Year Established: 2018 Start Date: 2018-03-01 End Date: 2019-02-28
Total Federal Funds: $20,000 Total Non-Federal Funds: $68,444
Principal Investigators: Carla Ng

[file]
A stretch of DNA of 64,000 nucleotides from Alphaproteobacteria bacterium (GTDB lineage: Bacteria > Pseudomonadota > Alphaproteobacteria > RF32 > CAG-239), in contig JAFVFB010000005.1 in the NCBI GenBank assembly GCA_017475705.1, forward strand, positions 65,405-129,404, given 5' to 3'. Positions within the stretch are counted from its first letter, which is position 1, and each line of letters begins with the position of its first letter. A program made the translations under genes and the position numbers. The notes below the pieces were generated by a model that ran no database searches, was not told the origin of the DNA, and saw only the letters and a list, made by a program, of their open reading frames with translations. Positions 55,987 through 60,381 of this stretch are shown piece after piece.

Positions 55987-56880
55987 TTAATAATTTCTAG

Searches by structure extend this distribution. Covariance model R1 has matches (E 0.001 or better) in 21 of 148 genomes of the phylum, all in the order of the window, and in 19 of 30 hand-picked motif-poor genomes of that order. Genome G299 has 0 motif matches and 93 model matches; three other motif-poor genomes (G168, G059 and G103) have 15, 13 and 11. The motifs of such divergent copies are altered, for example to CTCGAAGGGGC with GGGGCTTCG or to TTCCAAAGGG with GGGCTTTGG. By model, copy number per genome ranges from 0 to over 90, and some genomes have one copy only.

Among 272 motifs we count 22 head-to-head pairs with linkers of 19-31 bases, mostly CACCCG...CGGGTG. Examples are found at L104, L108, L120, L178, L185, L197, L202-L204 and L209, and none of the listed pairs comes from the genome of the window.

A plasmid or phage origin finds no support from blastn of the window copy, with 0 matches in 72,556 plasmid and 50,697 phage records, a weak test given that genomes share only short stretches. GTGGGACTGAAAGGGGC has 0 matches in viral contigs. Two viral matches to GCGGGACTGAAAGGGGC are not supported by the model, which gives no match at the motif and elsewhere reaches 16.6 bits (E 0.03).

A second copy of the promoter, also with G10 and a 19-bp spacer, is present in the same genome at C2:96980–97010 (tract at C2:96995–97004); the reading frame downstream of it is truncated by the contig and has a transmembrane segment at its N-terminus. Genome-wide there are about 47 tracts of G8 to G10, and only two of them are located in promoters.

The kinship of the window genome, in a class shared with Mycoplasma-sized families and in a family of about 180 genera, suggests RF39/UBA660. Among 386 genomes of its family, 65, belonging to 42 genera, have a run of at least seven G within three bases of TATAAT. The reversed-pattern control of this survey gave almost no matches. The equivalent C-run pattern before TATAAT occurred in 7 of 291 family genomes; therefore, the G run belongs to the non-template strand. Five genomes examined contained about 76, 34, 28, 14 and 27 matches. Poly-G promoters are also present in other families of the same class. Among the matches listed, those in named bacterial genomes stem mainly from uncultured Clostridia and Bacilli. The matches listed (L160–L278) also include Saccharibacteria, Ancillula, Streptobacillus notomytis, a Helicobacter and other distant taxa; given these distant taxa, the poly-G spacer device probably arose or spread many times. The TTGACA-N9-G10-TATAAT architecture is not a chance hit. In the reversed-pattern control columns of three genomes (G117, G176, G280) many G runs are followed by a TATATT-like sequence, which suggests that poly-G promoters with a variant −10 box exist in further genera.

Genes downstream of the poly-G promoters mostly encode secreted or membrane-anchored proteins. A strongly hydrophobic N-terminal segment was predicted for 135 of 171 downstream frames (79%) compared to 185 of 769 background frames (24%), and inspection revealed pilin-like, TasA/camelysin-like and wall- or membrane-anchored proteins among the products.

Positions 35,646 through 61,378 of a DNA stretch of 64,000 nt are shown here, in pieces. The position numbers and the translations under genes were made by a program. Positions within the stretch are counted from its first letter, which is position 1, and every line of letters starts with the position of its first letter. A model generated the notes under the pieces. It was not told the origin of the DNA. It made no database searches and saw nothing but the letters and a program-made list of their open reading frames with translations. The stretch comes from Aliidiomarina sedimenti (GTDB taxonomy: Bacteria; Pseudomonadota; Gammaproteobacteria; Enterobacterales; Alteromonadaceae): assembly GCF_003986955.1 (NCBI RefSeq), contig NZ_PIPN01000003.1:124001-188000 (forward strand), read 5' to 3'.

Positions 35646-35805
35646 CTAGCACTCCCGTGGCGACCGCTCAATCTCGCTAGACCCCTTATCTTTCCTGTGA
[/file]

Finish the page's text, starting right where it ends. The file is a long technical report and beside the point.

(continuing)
Abstract: The current state of US infrastructure presents both an enormous challenge and an enormous opportunity to guide the development of more livable and more resilient communities. There is a critical need to enhance the sustainability of all communities – shrinking and growing, rural and urban, coastal and inland – and future proof their performance in the face of changing population pressures, deteriorating infrastructure and risks associated with natural disasters such as extreme weather events. Urban environments in high-rainfall regions are particularly vulnerable to flood risks and the deterioration of water quality that results from non-point-source runoff and combined sewer overflows (CSO). Pennsylvania is expected to experience increasing rainfall frequency and intensity, further exacerbating existing issues with aging infrastructure. The city of Pittsburgh is highly vulnerable to flash flooding; Allegheny County reported the highest number of flash flood events in the region between 1986 and 2016. The city also produces more than three billion gallons of CSO annually, which affects local water quality through nutrient inputs and other contaminants. As existing infrastructure in many communities reaches the end of its design life or faces conditions that exceed design limits, there is an opportunity for replacement with more adaptive infrastructure that can bring substantial co-benefits such as habitat, biodiversity, food, etc. The use of green infrastructure (GI) to improve water management and enhance both livability and quality of local environments has been embraced as a more sustainable approach than the established practice of paving, piping and pumping. By incorporating urban planning and design into integrated water management, communities can reduce pressures from stormwater inputs on treatment facilities and natural water bodies, effectively decentralizing management, while reaping multiple direct and indirect benefits. However, our ability to undertake such an approach is currently held back by limitations on our ability to quantify the systems-level performance, as well as the direct and indirect benefits, of GI when embedded within a network of existing “gray” or built infrastructure (BI). The City of Pittsburgh, in partnership with the Pittsburgh Water and Sewer Authority (PWSA) is planning large-scale investment in GI over the next five years, as described in PWSA’s recent “Green First Approach and Process” and “Focusing on the Future” reports. The success of these plans will depend in part on an ability to reliably predict the performance and quantify the benefits of such infrastructure investment. The goal of the proposed project is to develop and test an integrative approach to modeling the performance of interlinked GI and BI networks, and quantifying their benefits at a systems level. These models can serve as tools to motivate GI investment, plan GI placement within existing BI to maximize flood control and water quality benefits, and identify opportunities to reap attractive ecosystem co-benefits such as habitat provision or pollinator support.